With stolen data comes a frustrating and often lengthy process of recovery. First Orion’s data shows that this process is only becoming more painful. In 2017, 23 percent of respondents said it took over seven months to get their stolen identity issues resolved, and that number grew to 31 percent in 2018.
“We hear from victims of identity theft daily that the process of remediating their situation is not only painful but fraught with frustration,” said Eva Velasquez, president and CEO of the Identity Theft Resource Center. “We often will hear from the same victim numerous times over the course of trying to restore their identity. It can take months to years to put things back on track with a process where most of the resources or organizations that you need are not readily accessible. It’s our job to help them cut through the misinformation and get to that resolution.”
Other interesting statistics include:
- Roughly one-third of respondents have received an email, text or phone call from someone impersonating the IRS
- In 2018, respondents were four times as likely to have received a scam call within the past week compared to the same study from 2015
- Almost three-quarters of consumers would be more inclined to use a cell phone carrier that automatically blocked or identified scam calls from reaching them
- About 32 percent of respondents said they’d take the call if an IRS agent called them regarding their taxes (IRS agents do not reach out via phone)
- Over 87 percent of respondents have received a call they believed was a scam
In addition to providing PrivacyStar applications for Android and iOS users, First Orion offers FONES for carriers and service providers to deliver the highest level of confidence and flexibility in protecting subscribers from scams and other unwanted calls. FONES enables carriers to easily and seamlessly deploy settings to protect all customers from identified malicious callers, such as known scammers that use robocalling.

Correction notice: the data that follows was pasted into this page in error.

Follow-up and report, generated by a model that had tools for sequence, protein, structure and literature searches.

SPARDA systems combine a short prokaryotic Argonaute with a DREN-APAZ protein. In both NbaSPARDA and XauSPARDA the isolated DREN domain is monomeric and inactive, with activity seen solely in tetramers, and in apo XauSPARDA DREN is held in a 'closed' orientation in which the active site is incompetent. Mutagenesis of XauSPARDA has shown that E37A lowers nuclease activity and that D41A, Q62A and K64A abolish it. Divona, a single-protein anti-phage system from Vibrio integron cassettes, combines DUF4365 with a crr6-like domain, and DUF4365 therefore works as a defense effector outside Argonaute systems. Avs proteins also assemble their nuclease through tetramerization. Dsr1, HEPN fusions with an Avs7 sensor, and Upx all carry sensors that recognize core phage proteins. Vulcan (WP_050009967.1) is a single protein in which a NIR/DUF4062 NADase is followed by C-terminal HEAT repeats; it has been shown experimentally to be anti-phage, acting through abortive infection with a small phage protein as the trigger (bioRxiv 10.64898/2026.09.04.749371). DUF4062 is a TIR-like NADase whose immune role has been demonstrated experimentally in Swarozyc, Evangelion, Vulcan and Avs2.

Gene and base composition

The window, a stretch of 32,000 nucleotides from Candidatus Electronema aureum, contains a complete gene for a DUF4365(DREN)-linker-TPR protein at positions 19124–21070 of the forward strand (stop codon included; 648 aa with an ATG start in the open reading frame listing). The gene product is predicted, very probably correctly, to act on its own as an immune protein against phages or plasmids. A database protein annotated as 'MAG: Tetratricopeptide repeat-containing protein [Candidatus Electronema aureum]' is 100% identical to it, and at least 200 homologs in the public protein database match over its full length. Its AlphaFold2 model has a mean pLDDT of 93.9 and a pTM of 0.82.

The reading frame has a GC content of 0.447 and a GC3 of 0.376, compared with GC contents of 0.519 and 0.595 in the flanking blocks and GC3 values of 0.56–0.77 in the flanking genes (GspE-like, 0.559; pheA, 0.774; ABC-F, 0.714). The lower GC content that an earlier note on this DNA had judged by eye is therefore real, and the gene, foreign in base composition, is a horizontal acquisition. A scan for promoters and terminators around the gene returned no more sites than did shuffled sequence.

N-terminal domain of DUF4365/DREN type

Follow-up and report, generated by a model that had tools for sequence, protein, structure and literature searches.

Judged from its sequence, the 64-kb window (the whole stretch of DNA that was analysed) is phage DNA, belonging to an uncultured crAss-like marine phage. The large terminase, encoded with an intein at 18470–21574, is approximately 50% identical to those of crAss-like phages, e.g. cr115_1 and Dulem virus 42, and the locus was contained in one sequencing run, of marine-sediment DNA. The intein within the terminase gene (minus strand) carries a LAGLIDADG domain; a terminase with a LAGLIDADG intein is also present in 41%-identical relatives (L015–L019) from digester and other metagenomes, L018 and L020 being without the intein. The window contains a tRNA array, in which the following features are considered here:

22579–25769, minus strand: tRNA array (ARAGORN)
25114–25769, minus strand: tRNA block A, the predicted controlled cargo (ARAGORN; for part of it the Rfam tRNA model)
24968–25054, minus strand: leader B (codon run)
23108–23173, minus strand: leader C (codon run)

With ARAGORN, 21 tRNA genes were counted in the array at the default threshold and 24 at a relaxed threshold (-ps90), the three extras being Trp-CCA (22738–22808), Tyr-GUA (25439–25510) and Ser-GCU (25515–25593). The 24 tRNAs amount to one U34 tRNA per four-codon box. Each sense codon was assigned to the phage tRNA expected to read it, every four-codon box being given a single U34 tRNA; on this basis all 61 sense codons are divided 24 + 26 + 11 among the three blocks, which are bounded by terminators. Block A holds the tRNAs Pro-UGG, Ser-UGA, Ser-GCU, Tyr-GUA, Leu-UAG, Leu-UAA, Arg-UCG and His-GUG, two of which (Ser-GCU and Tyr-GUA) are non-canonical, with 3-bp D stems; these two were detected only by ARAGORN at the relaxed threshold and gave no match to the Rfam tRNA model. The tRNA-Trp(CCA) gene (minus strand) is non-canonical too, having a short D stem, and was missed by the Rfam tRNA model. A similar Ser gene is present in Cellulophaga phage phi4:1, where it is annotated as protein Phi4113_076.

About First Orion
First Orion provides call transparency solutions across multiple platforms, world-class data solutions, in-network call control and its PrivacyStar powered application solutions. First Orion Network Enterprise Solutions (FONES) currently provides call control, call blocking, call transparency and call management solutions to tens of millions of mobile subscribers each day. First Orion’s CallerYD® technology tells mobile subscribers who is calling and why, empowering them with the ability to take action. With branded and white-labeled applications as well as in-network solutions, First Orion assists phone carriers in protecting mobile and fixed line subscribers from unwanted calls and identifying unknown calls, including identifying and stopping millions of scam calls every day. First Orion is headquartered in Little Rock, Arkansas with offices in Seattle, Dallas and London. For regular updates, please visit www.FirstOrion.com.
*First Orion surveyed 1,000 mobile phone users in the United States.
PrivacyStar and First Orion are registered trademarks of First Orion Corp. All registered or unregistered trademarks are the sole property of their respective owners.